As I have played the Mozart with OOTS a number of times, the piece will come together very quickly; and then it is a question of deciding how we want it to go on this particular occasion: i.e. choosing tempi that will work in the acoustic, and working out how to get the range of moods to come across optimally in those surroundings.
Did you have any musical heroes or idols, growing up, who inspired you? I must admit, that, until the cassette finally snapped, I used to carry a recording of the Mozart concerto and quintet played by Jack Brymer everywhere! You studied with him, I believe, whilst at Cambridge?
Yes, Jack Brymer was an inspirational figure. I was fortunate to have lessons with him: and he was a very natural player, so I learnt a lot from hearing him play, as well as from things he said. I have always been keen to carry on the English tradition he was part of: involving a very vocal way of clarinet playing, that is akin to singing, where notes are voiced in different parts of the head and chest.
I also admired recordings of Benny Goodman, when I was growing up – in both classical and jazz. I was amazed, when, in 1986, a message came via my record company that Goodman would like to meet me on his forthcoming tour to the UK. Very sadly, he died just before the tour took place.
Are there any works that you would love to perform publicly, that you’ve never had the chance to; or any composers you would like the chance to commission?
One of the most skilful composers of our age is the film composer, John Williams. It would be great if he wrote a clarinet piece! I have just made a recording of concertos written for me by four wonderful composers: Will Todd, John Dankworth, Paul Reade and Patrick Hawes. All are great additions to the repertoire.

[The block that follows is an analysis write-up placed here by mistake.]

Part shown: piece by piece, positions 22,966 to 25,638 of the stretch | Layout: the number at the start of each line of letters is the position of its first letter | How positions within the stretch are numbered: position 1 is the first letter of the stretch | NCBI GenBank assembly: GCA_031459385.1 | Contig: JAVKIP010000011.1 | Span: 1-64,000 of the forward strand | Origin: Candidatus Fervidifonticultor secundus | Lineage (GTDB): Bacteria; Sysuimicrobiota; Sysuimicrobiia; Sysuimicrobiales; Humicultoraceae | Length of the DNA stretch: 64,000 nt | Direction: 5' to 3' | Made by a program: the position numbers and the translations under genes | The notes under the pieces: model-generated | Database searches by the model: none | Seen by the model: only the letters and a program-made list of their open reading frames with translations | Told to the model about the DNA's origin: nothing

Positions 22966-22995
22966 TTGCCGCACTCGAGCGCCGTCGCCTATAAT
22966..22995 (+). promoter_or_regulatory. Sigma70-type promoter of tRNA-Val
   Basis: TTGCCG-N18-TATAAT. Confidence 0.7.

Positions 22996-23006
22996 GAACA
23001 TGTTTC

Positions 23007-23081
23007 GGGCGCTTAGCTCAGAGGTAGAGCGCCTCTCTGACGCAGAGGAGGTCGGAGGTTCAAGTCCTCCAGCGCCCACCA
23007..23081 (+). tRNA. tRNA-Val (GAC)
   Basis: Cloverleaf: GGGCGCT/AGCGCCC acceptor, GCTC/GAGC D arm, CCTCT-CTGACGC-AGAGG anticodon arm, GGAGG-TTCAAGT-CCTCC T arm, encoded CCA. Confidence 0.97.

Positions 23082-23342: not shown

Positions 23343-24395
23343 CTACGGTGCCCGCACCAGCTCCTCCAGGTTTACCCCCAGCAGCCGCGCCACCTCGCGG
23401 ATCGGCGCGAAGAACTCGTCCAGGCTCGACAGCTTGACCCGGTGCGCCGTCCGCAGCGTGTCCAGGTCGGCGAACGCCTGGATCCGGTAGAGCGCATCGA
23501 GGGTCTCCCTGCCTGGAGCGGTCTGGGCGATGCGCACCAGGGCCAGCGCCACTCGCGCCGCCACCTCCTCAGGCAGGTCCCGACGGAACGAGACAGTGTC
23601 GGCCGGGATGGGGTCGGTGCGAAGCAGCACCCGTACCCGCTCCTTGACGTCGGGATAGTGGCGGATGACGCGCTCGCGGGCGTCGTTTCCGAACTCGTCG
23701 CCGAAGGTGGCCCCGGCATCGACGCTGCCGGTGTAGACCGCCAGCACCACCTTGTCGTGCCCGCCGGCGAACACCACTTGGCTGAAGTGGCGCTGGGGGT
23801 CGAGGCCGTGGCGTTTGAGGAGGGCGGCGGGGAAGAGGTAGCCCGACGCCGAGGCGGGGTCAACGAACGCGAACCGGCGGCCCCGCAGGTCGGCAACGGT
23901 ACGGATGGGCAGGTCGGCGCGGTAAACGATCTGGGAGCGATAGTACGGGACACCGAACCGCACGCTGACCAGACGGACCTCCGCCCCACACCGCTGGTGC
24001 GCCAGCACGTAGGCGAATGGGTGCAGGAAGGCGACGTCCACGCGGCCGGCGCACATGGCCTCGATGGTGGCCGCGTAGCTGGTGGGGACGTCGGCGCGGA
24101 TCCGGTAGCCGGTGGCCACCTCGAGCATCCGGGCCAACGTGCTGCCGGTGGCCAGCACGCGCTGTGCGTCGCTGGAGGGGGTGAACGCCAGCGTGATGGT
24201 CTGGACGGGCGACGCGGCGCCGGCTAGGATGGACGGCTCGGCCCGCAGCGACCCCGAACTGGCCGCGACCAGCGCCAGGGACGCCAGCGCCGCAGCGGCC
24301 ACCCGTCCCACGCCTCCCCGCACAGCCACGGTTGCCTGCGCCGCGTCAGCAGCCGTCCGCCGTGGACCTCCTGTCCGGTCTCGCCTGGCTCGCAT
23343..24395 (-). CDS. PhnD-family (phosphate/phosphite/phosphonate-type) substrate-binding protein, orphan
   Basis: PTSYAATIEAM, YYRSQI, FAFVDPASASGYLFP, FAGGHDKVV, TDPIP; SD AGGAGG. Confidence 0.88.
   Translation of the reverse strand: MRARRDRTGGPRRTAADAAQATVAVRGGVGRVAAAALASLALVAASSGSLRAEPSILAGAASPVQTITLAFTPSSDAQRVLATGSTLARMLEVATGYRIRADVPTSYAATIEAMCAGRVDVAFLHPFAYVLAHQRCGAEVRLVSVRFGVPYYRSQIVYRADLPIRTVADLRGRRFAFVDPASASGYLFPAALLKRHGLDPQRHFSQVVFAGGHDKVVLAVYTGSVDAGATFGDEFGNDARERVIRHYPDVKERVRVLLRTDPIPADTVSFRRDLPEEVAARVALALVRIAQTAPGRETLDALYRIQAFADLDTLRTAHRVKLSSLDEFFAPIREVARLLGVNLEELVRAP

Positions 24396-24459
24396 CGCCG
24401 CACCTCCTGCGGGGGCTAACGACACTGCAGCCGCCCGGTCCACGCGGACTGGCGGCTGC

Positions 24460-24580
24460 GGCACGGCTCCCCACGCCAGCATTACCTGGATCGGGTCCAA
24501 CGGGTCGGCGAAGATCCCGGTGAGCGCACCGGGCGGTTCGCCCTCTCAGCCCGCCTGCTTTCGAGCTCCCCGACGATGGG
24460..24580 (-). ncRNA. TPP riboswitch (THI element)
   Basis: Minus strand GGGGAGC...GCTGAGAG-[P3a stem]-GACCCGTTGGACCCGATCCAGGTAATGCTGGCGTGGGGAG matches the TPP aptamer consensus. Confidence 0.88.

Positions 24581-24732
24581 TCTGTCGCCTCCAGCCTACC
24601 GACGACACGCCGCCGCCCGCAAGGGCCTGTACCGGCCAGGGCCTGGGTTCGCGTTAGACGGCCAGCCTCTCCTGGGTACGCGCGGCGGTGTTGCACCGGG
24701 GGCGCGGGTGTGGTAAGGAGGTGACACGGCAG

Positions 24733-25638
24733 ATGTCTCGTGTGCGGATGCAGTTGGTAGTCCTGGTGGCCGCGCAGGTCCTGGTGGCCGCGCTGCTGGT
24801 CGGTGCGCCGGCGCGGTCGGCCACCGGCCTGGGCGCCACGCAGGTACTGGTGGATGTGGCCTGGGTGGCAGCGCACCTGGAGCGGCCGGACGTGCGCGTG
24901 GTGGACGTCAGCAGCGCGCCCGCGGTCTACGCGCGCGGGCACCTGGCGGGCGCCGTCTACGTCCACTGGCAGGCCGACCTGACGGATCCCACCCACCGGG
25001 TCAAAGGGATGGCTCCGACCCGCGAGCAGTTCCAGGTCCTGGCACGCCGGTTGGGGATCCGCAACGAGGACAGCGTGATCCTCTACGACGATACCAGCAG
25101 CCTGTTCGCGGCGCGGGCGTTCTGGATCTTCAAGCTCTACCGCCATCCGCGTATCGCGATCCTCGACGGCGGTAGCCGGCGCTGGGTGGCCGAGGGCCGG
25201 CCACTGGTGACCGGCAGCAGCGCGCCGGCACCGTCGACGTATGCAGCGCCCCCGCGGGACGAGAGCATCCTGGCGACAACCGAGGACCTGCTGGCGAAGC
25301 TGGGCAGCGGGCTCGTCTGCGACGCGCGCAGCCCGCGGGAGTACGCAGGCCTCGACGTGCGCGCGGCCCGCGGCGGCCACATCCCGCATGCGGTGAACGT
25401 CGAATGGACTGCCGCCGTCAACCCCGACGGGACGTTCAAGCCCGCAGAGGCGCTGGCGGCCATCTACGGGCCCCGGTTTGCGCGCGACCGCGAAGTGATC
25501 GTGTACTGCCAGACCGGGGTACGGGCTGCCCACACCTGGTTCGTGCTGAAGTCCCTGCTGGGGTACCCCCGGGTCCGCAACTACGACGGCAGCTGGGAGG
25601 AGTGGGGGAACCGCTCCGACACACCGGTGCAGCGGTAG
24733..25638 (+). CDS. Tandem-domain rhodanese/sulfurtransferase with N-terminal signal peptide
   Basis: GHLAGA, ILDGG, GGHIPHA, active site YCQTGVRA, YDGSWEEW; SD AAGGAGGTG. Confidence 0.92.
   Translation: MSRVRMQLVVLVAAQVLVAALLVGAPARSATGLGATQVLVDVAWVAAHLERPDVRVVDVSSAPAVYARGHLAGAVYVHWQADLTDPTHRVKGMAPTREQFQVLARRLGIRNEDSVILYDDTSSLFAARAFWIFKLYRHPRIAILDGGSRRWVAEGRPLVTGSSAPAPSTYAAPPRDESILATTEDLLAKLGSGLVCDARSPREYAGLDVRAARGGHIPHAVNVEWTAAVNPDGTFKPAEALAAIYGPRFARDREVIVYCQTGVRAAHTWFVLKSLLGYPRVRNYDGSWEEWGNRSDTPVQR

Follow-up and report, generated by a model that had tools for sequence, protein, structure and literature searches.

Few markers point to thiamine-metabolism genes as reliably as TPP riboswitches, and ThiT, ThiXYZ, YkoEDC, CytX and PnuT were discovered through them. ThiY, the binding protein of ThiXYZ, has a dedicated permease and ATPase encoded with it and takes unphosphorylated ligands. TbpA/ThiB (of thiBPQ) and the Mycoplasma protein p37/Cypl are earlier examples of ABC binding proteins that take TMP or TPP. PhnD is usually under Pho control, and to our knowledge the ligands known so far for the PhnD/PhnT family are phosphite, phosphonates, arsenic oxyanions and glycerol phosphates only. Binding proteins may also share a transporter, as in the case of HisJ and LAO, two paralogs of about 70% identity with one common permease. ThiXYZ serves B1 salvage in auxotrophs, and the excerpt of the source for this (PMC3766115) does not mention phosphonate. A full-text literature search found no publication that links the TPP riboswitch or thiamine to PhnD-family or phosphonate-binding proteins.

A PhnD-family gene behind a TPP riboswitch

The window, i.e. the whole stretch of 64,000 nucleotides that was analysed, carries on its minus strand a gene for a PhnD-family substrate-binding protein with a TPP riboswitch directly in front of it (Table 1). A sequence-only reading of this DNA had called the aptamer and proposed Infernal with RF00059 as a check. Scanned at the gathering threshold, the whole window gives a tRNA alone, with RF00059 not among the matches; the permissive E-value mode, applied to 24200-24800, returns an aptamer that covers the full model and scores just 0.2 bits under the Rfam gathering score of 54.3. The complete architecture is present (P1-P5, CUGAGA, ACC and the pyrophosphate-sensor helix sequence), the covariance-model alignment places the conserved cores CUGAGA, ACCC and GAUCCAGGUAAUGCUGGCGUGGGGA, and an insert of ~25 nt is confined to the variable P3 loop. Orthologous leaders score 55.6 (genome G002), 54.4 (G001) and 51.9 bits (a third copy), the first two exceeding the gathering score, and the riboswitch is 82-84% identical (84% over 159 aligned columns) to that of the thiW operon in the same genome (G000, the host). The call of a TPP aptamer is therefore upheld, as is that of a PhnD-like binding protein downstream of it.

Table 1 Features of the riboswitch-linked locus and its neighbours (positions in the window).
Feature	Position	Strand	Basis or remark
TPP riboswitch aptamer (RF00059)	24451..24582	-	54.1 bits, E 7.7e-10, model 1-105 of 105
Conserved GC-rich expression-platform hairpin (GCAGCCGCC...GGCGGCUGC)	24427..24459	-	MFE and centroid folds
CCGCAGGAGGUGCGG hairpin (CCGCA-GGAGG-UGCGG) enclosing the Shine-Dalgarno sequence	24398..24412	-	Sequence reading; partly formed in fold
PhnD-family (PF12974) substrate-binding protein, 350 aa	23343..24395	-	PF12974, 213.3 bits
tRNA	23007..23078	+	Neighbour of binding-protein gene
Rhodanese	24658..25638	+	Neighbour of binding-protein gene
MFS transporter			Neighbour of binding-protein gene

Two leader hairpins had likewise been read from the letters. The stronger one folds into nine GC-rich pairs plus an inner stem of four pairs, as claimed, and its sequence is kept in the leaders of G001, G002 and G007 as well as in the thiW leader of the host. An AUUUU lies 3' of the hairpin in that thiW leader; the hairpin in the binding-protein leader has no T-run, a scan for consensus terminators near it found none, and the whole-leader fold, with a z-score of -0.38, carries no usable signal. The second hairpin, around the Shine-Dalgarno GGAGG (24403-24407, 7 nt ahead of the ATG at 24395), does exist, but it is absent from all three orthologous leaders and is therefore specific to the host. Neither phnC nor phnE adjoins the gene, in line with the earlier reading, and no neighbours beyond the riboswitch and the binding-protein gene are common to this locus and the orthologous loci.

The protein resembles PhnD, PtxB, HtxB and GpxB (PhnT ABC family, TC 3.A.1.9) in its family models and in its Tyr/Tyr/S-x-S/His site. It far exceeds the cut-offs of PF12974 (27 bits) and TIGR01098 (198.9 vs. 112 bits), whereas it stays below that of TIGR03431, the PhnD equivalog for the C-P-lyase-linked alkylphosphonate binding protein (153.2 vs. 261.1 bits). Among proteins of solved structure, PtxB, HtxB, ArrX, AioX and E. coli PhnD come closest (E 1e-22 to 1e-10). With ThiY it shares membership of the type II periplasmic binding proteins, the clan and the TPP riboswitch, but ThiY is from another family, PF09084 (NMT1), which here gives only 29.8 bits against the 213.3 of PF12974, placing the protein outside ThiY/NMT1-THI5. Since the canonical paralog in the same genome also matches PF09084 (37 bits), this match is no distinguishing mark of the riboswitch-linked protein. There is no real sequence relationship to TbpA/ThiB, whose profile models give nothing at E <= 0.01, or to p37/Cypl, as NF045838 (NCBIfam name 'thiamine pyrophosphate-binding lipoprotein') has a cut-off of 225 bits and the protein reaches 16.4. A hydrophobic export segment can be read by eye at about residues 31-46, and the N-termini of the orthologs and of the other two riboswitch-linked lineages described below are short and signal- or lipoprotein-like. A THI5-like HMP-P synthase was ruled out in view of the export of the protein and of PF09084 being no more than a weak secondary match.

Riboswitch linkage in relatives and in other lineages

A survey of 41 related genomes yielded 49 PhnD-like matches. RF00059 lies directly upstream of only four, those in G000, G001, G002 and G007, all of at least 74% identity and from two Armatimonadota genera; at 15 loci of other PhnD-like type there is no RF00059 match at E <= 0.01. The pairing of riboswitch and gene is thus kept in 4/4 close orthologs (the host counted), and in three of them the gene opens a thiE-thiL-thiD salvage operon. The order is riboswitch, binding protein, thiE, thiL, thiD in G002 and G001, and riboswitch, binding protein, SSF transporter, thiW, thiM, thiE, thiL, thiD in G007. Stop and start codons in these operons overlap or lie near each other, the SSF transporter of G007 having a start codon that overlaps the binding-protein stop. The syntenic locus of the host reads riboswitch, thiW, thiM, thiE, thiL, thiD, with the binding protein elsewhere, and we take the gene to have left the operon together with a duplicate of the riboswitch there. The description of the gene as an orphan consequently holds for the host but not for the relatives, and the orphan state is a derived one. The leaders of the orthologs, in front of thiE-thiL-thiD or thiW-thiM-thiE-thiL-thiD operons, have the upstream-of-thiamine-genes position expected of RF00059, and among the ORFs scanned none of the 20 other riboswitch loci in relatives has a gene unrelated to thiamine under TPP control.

I hope to persuade more orchestras to take on more unfamiliar repertoire that I know the audience will respond to. It would be nice to regain the audience’s trust in new music.
Was there ever any other instrument in your life; or that you wished you could play – and for any specific reason (or piece of music)?
I love to play Bach on the piano. The clarinet hadn’t been invented, yet, when he was alive. But playing the piano is my favourite way to start my clarinet practice sessions!
Finally – and I admit that venues such as Malvern on a Thursday evening can exaggerate this – with classical music audiences often appearing a sea of grey heads from the stage (often including mine). What do you see as its future? Is there any one thing that will ensure its healthy survival long into the future?
Yes, there has been a contraction of audiences: because people are not educated about classical music at school, and by the media, in the same way that they once were. But I feel sure that there will always be a hard core of supporters for this artform: which represents some of the greatest and most satisfying manifestations of human expression.